Monday, January 19, 2015

Ancestor Deep Dive: Zlata Tzipra Sanshuck Supkoff

Zlata Tzipra Sanshuck Supkoff
My great-great grandmother, Zlata Tzipra Sanshuck Supkoff was likely born in Krasnoye, Podolia (now Vinnitsa), Ukraine (then Russian Empire).  The Tzipra was in memory of her grandmother Tzipra Brandman who had died in the cholera epidemic of 1849.

Sunday, January 11, 2015

Ancestor Deep Dive: Yechiel Suttleman

Yechiel Suttleman

My great-great grandfather, Yechiel Suttleman, was born about 1850 in Volhynia, Ukraine, likely in the town of Boremel or Topilya.  His parents were Pesach Hirsch and (likely) Sima Rivka.

Saturday, January 3, 2015

Sonia Diamond, July 14, 1922 - January 2, 2015

Sonia & Paul Diamond, 1950s

My grandmother, Sonia Baich Diamond, passed away last night--on the 21st yahrtzeit of her husband Paul.  She was 92 1/2 years old.  She was born in what is now Horochov, Ukraine (then Poland), survived the Holocaust, and immigrated to America.  Her incredible story (based on an interview with her) through her arriving in America is below.

Wednesday, December 24, 2014

Before Shpikov -- Welcome to Kuna!

I've always known my grandfather's family was from Shpikov.  Except that I found that the Tolchinskys weren't from Shpikov.  And the Sanshucks and Brandmans weren't from Shpikov--although they were from nearby Krasnoye.  But I knew the Supkoffs (or Zubkis family) were from Shpikov--they were listed in the 1895 Households List.  So there was proof of my family's long-time Shpikov existence, right?

Well, not so much.  Here's the 1882 Households List from Shpikov.  And the Zubkis family is here again!
1882 Shpikov Households List; Zubkis Family (males)

Sunday, December 14, 2014

Ancestor Deep Dive: Avraham Tzvi Diamond

Even though he is a relatively recent ancestor, my great grandfather Avraham Tzvi Diamond didn't leave much of a paper trail.  He was born about 1879, likely in Biscupice, Russian Empire (now Berezhanka, Volhynia, Ukraine), just north of the road connecting Horochov and Lutsk, midway between the two cities.  His parents were Hillel and Hinda (nee Kreiss) Diamond, and his siblings included:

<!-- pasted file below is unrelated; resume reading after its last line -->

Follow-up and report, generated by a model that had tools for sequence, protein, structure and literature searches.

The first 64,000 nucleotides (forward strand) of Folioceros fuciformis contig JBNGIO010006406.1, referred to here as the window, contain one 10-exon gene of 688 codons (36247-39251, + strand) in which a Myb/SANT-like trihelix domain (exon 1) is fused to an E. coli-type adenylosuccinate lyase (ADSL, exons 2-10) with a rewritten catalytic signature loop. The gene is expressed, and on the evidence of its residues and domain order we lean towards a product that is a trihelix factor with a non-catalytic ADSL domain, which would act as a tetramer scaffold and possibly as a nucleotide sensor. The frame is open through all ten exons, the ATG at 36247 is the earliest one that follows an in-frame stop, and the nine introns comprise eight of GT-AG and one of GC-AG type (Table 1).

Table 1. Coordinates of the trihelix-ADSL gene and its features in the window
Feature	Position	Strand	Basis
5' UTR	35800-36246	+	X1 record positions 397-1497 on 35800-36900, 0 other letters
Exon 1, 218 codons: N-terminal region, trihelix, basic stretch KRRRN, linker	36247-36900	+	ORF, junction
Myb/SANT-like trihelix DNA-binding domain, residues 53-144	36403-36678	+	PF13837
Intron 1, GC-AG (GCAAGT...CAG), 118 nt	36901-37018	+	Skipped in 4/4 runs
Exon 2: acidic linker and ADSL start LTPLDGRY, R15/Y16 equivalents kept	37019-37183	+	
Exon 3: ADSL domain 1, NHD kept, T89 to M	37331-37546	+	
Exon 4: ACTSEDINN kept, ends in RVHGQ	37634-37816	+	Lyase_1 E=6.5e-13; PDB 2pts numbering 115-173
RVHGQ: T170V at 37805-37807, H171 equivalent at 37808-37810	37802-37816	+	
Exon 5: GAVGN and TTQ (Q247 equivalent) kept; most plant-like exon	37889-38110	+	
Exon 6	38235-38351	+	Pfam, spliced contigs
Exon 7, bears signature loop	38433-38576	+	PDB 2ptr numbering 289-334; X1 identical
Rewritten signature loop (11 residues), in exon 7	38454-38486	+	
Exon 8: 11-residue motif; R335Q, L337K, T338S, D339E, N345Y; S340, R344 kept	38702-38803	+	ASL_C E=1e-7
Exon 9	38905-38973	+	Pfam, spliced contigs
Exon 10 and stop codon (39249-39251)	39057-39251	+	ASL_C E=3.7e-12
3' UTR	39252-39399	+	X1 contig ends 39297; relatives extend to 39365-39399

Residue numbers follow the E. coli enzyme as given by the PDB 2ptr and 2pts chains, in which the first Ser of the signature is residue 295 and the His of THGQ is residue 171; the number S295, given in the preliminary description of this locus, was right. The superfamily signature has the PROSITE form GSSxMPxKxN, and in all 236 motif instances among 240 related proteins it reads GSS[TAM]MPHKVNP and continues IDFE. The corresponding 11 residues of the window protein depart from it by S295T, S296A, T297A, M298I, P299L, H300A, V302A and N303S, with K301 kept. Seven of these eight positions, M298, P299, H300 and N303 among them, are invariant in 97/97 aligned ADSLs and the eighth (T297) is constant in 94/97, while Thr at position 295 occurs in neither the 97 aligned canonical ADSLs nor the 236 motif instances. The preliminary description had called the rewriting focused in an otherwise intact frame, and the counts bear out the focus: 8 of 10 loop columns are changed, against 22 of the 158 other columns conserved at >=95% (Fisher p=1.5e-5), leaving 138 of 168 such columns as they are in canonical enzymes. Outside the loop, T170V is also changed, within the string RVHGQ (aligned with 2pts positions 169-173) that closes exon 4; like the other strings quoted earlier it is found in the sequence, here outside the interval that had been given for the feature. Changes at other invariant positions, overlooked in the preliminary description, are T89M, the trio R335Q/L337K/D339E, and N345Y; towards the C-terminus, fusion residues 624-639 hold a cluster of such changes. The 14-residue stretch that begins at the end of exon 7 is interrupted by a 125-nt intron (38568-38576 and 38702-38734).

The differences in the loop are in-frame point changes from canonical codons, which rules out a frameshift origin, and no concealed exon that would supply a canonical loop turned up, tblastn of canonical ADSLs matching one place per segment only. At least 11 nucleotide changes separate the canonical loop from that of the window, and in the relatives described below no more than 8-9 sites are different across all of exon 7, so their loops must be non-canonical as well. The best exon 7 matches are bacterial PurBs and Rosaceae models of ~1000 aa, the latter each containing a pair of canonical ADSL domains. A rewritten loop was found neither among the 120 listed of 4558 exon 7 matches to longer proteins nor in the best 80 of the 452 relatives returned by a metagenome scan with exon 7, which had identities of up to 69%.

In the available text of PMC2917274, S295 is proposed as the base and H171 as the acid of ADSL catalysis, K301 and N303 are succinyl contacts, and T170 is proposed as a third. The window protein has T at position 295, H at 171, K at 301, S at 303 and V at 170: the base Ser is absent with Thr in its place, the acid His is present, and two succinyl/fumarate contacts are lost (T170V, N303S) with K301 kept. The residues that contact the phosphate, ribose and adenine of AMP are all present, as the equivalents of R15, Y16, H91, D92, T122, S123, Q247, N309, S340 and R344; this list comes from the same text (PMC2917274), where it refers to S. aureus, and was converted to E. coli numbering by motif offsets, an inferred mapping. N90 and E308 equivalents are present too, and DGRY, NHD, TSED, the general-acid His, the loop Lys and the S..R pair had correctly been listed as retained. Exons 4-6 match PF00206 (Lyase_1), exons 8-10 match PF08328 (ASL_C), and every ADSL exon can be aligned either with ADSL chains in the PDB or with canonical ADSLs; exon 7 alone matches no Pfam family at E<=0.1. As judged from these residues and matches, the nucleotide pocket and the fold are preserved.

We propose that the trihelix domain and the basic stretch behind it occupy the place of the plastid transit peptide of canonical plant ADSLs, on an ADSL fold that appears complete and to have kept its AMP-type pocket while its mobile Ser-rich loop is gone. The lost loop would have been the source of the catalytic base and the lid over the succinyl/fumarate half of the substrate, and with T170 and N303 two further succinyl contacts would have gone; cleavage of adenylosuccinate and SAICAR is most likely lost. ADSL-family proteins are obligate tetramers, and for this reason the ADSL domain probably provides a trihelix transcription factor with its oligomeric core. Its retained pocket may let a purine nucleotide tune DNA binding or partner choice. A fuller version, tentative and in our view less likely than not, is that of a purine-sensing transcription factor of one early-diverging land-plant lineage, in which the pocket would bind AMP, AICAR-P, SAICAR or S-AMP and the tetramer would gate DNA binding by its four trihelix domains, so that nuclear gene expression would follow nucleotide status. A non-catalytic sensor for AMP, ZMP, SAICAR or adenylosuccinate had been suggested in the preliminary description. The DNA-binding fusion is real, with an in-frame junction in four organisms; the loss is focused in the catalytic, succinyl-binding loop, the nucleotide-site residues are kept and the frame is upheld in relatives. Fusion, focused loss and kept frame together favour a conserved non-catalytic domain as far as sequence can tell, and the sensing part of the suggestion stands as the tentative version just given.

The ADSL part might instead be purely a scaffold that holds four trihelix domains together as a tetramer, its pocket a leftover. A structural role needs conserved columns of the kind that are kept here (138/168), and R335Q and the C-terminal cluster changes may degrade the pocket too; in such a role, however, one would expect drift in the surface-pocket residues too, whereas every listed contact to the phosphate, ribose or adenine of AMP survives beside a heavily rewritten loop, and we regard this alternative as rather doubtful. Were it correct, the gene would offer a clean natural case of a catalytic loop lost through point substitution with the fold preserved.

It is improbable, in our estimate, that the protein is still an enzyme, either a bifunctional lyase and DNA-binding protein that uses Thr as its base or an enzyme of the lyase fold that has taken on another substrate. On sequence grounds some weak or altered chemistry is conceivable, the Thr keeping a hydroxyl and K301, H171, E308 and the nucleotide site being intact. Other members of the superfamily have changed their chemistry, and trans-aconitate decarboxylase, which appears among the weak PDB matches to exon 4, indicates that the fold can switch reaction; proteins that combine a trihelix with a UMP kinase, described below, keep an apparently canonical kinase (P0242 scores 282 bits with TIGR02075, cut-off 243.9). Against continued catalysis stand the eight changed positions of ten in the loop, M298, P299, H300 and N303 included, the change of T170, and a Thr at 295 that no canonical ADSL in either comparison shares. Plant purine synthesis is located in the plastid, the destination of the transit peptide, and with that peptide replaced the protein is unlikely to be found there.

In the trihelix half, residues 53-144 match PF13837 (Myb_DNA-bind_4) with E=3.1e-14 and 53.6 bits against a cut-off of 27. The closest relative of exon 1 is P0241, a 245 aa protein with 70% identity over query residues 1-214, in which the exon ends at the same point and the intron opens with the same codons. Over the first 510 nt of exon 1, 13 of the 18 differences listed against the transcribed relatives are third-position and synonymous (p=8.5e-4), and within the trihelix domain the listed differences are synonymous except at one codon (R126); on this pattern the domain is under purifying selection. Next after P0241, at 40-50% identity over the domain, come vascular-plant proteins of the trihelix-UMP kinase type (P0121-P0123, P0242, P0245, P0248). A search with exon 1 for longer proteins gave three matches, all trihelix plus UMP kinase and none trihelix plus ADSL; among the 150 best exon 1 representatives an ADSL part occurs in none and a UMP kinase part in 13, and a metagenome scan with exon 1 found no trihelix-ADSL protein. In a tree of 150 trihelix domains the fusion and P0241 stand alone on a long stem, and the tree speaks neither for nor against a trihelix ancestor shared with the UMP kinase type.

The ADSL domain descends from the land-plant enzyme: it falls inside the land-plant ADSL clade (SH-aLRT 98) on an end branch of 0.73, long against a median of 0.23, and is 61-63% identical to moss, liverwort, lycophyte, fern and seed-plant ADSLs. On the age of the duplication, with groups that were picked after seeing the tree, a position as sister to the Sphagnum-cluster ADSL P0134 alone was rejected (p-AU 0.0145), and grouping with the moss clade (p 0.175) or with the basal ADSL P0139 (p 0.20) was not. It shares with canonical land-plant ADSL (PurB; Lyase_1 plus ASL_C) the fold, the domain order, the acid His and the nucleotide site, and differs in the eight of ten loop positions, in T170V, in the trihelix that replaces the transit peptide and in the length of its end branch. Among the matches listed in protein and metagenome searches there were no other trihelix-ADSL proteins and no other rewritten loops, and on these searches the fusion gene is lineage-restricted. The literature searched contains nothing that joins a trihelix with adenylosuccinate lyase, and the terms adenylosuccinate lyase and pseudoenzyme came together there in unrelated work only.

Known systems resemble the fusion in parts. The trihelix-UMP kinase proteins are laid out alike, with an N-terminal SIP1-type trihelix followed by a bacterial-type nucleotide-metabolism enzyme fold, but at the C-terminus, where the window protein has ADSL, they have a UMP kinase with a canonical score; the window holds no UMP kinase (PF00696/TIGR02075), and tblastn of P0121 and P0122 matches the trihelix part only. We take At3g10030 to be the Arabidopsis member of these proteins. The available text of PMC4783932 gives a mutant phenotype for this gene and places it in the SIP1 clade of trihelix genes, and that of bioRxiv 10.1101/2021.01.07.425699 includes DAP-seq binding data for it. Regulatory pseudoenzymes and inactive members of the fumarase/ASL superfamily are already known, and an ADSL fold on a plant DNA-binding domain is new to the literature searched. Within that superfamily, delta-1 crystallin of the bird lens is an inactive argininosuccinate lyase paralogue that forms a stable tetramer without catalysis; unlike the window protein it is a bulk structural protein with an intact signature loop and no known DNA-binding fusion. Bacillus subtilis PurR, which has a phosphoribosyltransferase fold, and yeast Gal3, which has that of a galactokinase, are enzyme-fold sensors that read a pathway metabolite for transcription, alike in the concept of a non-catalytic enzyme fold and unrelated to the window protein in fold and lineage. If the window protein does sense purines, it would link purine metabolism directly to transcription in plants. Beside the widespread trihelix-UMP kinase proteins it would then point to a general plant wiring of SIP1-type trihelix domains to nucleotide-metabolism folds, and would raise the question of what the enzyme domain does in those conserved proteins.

• Leibish (b. abt 1886)
  • Shaindel (later Jenny Dorfman, b. 1891)
  • Esther (married Motel Landman)
  • Rivka 
  • Basya (married Mordechai Landor)
Avraham Tzvi married Tzivia Zuttelman, and they had 5 children in Biscupice:
  • Kreina (married David Mazurik), born about 1915
  • Dvorah (later Deborah Schuster), born 1920
  • Pesach (later Paul Diamond), born 1921--my grandfather
  • David, born 1924
  • Shlomo, born 1928
In 1925, when the two oldest children were in school, Avraham Tzvi signed a document allowing those children to be taught in Polish; the area recently had become part of Poland after WWI.
1925 School Declaration by Abram Diment; Source: State archive of Volyn oblast. Fond 454, opys 2, file 450, page 103

Sunday, December 7, 2014

Sheva Baich and My First A-File

I've already done an Ancestor Deep Dive on my great grandmother Sheva Fine Baich.  But I recently received her A-file via the USCIS Genealogy program which contained a treasure trove of information on her, and some photographs that I'd never seen before.

While still in Germany, she applied for a visa.  The document verified her parents' names (my grandmother had been pretty sure of Sheva's mother's maiden name but had not been positive) and gives details of where she was during WWII.  Interestingly, Sheva consistently puts her married life as taking place in Lutsk whereas her daughter Sonia has always maintained that the family lived in Horochov.
Sheva Baich Application for US Visa, January 1947 (page 1)

Wednesday, November 26, 2014

My great-great grandmother's maiden name--SOLVED (I think)!

I'd posted about 3 months ago about how my great-great grandmother's maiden name was given as "Christ" on her daughter Jenny Diamond Dorfman's marriage license--not quite the typical Jewish family name!  There were lots of ideas given via facebook, but it was all conjecture.

Last week, a cousin posted a letter that Jenny's daughter Ida Dorfman Hall had written in 1980.  I'd seen this letter before when we first figured out the connection to this branch because of DNA testing.  Ida had mentioned a cousin Sam who had left Europe along with her, her mother, and her brother.  I'd identified the cousin on the manifest, but the name meant nothing to me at the time, so I assumed he was likely related on Ida's paternal side.

But seeing the letter again made me pull up that manifest.
Schmul Kreiss Ship Manifest (line 26); December 1913